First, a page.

COVID-19-Related Project Enhancement
The COVID-19 pandemic has exacerbated the ways in which our current outpatient model does not meet the needs of families with anxious children (e.g., access barriers, therapist shortages). Moreover, the pandemic is causing an increasing need for treatment to help patients with anxiety related to the pandemic itself. Telehealth treatment models are a necessary health system adaptation in the current health crisis, but also may improve access to care post pandemic.
The current study of comprehensive patient-centered versus traditional provider-centered delivery has been enhanced by the addition of a patient-centered telehealth condition. The enhancement aims to evaluate the effectiveness of this novel telehealth delivery system that allows for access to anxiety treatment during the current pandemic, extends the reach of services to relevant contexts outside of the office, and expands the labor pool of available providers.
Enhancement Award Amount: $499,327
This research project is in progress. PCORI will post the research findings on this page within 90 days after the results are final.
What is the research about?
Feeling anxious is a normal way to react to stressful events or situations. But youth with an anxiety disorder have fear, worry, or nervousness that may keep them from doing their regular daily activities. Obsessive-compulsive disorder, or OCD, is a type of anxiety disorder. People with OCD have uncontrollable and repeated thoughts and behaviors. Cognitive behavioral therapy, or CBT, is the preferred treatment for anxiety and OCD. With CBT, patients learn to change their patterns of thinking and behaving. Usually, people go to an office or clinic to get CBT from mental health specialists like psychologists.
In this study, the research team is comparing two ways to provide CBT treatment for youth with anxiety or OCD. The first is CBT at a psychologist’s office. The second is CBT at a psychologist’s office and at the patient’s home. The team is looking at how well these treatments work to improve patients’ symptoms and quality of life.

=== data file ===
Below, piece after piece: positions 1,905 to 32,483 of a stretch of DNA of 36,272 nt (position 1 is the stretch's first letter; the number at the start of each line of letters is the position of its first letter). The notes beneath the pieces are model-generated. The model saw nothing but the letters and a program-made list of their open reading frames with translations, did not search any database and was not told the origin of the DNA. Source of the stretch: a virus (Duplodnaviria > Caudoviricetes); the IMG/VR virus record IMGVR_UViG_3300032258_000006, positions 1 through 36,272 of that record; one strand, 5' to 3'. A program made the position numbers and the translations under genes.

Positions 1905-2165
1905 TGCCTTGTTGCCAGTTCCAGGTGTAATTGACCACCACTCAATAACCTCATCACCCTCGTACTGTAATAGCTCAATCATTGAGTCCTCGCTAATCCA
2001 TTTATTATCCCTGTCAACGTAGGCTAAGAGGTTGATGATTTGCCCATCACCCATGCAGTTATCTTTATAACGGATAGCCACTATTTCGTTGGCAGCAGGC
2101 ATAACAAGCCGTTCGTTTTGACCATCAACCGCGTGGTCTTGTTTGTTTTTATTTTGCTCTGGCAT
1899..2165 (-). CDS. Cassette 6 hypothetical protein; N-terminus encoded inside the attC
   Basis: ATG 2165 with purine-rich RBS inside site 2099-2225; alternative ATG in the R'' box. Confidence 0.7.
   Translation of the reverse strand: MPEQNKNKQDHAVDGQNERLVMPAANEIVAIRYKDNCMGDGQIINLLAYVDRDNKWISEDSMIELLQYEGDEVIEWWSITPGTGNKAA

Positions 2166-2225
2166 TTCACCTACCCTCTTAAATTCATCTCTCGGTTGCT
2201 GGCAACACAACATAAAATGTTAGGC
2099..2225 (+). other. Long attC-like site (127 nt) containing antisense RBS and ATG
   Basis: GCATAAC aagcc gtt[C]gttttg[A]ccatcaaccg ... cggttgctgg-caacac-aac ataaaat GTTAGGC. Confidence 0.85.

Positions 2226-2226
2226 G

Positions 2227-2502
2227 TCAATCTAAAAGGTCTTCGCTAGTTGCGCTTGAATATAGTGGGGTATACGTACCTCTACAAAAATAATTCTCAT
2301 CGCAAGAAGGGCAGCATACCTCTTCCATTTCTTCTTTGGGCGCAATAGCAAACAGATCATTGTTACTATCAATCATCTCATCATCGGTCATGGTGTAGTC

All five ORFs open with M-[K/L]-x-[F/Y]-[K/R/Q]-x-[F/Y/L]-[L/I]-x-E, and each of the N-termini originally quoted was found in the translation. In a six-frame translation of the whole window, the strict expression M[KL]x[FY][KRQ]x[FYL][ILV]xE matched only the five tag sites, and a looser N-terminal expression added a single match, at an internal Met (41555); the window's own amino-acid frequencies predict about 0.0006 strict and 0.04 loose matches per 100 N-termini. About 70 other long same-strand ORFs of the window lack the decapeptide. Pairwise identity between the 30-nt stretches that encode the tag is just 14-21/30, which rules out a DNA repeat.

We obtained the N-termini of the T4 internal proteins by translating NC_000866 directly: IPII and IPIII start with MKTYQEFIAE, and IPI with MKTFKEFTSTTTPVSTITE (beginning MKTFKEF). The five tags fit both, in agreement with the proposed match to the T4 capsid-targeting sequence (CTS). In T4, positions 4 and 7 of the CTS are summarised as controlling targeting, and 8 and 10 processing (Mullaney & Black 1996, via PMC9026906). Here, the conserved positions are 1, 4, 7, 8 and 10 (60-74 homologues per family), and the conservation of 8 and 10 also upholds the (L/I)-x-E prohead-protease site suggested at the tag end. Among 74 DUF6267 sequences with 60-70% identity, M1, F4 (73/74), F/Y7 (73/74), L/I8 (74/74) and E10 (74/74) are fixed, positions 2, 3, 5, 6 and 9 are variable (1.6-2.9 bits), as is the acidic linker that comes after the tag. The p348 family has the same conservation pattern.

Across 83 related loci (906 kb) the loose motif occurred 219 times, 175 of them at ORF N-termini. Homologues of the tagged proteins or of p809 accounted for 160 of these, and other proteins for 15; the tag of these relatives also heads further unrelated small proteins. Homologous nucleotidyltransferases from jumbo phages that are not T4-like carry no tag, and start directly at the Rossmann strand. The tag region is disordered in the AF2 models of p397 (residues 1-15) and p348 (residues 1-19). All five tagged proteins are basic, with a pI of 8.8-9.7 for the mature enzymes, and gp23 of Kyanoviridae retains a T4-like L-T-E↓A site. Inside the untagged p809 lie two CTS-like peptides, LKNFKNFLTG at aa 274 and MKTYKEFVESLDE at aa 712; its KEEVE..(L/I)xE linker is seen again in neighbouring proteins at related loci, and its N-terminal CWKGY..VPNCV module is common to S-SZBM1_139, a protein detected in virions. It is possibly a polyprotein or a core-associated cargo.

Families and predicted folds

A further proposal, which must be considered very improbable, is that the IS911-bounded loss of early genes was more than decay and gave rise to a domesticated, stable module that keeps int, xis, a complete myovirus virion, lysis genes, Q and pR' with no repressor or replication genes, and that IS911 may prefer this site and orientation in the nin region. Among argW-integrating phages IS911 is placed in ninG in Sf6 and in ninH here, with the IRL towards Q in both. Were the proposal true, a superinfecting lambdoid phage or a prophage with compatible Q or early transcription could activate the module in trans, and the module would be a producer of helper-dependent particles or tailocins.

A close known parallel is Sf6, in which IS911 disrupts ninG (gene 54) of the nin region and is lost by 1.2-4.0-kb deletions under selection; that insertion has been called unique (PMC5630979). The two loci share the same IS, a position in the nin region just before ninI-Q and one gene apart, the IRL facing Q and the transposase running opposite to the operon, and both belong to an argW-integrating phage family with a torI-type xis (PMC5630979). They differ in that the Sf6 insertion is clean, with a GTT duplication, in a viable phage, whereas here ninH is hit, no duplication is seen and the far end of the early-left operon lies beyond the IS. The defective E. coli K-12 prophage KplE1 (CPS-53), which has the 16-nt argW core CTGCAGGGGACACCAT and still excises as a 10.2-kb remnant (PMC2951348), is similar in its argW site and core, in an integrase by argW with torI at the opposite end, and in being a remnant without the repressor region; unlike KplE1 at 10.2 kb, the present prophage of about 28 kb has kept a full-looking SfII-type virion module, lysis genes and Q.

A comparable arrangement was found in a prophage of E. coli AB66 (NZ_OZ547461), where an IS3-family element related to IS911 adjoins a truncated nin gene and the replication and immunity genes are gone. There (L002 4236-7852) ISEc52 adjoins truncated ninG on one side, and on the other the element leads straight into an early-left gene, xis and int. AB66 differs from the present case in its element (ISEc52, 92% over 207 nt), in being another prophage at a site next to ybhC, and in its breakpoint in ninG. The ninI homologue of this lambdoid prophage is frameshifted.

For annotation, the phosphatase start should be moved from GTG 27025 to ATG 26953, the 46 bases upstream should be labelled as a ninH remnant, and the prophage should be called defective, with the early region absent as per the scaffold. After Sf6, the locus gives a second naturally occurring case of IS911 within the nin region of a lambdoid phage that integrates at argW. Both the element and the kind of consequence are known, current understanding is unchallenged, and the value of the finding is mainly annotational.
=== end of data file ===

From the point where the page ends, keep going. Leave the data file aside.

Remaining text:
Who can this research help?
Mental health clinicians can use results from this study when planning how to care for youth with anxiety or OCD.
What is the research team doing?
The research team is recruiting 333 youth ages 5 to 18 in Rhode Island. Patients must have had symptoms of anxiety or OCD for at least three months before starting the study. Patients must also have a parent or caregiver who can participate in treatment.
The research team is assigning patients by chance to one of two treatment groups:
- Office-based CBT. Patients see a psychologist in an office for 60-minute CBT treatments four times a month for six months.
- Home-based CBT. Patients see a psychologist in an office for 60-minute CBT treatments once a month for six months. Patients also get a 90-minute home visit with a trained mobile exposure coach three times a month for six months. Coaches have a bachelor’s degree and receive training from psychologists on treating youth with anxiety and OCD. These coaches help patients get the mental health care they need. The treating psychologist supervises the coaches through weekly meetings.
The research team is using interviews and surveys to ask patients and parents about anxiety and OCD symptoms. They also ask about quality of life and satisfaction with mental health services. Patients and parents answer questions at the start of the study and every six weeks for six months. They also answer questions three and six months later.
Patients, families, health insurers, and health system administrators are working with the research team to plan and conduct the study.
Research methods at a glance
Other Clinical Interventions
Other Health Services Interventions
Training and Education Interventions
Improving Healthcare Systems